Human social arrangements run the gamut from those groups who live largely without the domestication of plants and animals, like the !Kung of the Kalihari Desert, to the global societies of today, heirs, for better or worse, to the consequences of the agricultural, urban and industrial revolutions. In a previous post I outline an approach developed by Julian Steward to explaining factors driving social evolution and producing this variety of social arrangements. Julian Steward’s approach to social evolution had the virtue, according to Johnson and Earle, of providing a bridge between social evolutionism and economic anthropology.[i] The intention of Johnson and Earle's approach is to reconcile “the structural Marxist emphasis of power and the control of resources into a larger, more ecological conception of the political economy as a set of solutions to problems arising in the subsistence economy.”[ii] Of course contradictions emerge for people between satisfying ecological needs and contribution to political economies. From an evolutionary perspective social change occurs, say Johnson and Earle, if the benefits to individuals or families participating in new arrangements exceed the cost of participating (assuming, one must suppose, the absence of extreme forms of coercion). As population density increases, cooperation and group action is inevitability required to solve problems associated with that increase. Those groups that form “outliers” from the centre of power are those that are outside the “benefit structure” of the political economy.
The model of the social evolutionary change that Johnson and Earle provide is therefore part ecological, part social economic. As population grows and technology develops (a reciprocal process) social and ecological factors intensify. Intensification creates problems, for instance, a larger population requires more resources; if these problems are not addressed this can result in a decline in the population. Solutions, other than a collapse, typically come in the form of changes (often innovations) in the political economy. As new structures that typically bring greater economic coordination and consolidation of the powers of leaders take effect, the process of intensification continues and this in turn eventually calls for a new set of solutions. They model this as an iterative process – an upward spiral of social evolution.
The intensification that occurs as a result of population increases and technological development produces, as I stated, a variety of problems. Johnson and Earle group these into four categories: productions risks, problems associated with raiding and warfare, issues of poor resource use, and resource deficiencies. For example, as populations increase the implication of a poor harvest become magnified. Typically it makes best sense for the community to share the burden of dealing with production risks by means of food storage, or developing reciprocal agreements with neighbors. Though cooperative reciprocation occurs generally as the resources become stressed, competition between neighbors is also a likely outcome. Thus intensification can make war a option whose benefits can outweigh the risks. Raiding and defense both call for greater social integration.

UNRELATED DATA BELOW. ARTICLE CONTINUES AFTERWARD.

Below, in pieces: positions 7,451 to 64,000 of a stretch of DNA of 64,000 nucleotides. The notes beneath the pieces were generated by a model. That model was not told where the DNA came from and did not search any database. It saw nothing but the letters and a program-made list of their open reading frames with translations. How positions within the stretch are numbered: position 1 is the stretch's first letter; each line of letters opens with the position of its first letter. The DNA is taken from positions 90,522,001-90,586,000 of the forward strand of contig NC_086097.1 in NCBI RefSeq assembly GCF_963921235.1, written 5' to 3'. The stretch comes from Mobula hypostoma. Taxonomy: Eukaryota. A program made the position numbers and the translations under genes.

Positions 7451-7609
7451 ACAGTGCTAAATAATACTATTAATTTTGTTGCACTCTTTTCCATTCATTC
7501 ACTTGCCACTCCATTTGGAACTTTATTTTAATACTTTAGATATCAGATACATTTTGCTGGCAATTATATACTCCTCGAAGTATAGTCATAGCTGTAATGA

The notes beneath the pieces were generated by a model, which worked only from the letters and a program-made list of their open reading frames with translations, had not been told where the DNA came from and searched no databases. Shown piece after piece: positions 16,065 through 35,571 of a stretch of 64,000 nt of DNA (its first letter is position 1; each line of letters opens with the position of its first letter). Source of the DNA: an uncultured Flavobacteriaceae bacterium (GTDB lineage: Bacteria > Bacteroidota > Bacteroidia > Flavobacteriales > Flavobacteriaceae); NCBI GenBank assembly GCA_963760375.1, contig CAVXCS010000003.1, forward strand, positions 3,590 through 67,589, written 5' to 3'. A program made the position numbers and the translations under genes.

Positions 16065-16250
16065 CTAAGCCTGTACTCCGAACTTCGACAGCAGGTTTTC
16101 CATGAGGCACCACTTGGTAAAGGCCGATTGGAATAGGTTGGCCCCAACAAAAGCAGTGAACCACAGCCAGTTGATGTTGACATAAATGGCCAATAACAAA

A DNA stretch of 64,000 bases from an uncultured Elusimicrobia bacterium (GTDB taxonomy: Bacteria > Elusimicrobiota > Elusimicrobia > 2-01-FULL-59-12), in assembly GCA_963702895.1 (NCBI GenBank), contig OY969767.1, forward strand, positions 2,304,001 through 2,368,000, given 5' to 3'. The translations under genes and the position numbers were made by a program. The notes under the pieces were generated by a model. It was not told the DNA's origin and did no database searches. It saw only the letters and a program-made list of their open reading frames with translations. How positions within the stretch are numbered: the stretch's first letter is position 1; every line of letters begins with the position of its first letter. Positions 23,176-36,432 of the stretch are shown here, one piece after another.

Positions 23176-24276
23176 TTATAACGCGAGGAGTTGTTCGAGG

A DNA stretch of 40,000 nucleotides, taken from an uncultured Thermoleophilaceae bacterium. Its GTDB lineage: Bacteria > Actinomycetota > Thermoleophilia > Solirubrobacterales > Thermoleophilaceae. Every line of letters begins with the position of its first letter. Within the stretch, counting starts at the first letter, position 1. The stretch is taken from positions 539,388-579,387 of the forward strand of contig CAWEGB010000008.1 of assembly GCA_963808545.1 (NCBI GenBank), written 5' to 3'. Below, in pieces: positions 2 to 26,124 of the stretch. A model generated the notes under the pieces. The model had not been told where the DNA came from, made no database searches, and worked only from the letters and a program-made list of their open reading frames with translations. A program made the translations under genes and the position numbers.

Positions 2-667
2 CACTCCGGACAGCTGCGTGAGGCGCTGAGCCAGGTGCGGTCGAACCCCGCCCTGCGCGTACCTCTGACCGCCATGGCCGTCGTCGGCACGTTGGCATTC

With intensification comes the need to develop resources that were not economically advantageous to go after before. Oftentimes this requires investment in technologies that previously were not considered worth investing in. Once again solutions to this problem typically come from greater political integration and control. Finally, resource deficiency in one geographically area can be satisfied by trade with areas that can supply them. Trade of goods and technology can result in greater efficiency though it requires a degree of social control so that trading deals can be negotiated and honored.
Solving problems associated with intensification results in the integration of groups –political complexity spirals up “to the development of the nation state.” On the one hand the outcome of intensification (of population and technology development) results, as Johnson and Earle see it, in the integration of economic and political matters, and on the other hand to greater social stratification to control the implementation of solutions.
The model which has been quite simply stated above is used by Johnson and Earle as a guide to the nineteen case studies that they have presented. Not all of the case studies conform to the simple patterns they develop in the model but the model does provide cohesion to a roster of case studies that differ in their ecological contexts and political complexity.
[i] Johnson, Allen W and Earle, Timothy (2000) The Evolution of Human Societies: from Foraging Group to Agrarian State Stanford University Press; Second edition.
[ii] Johnson and Earle, 27.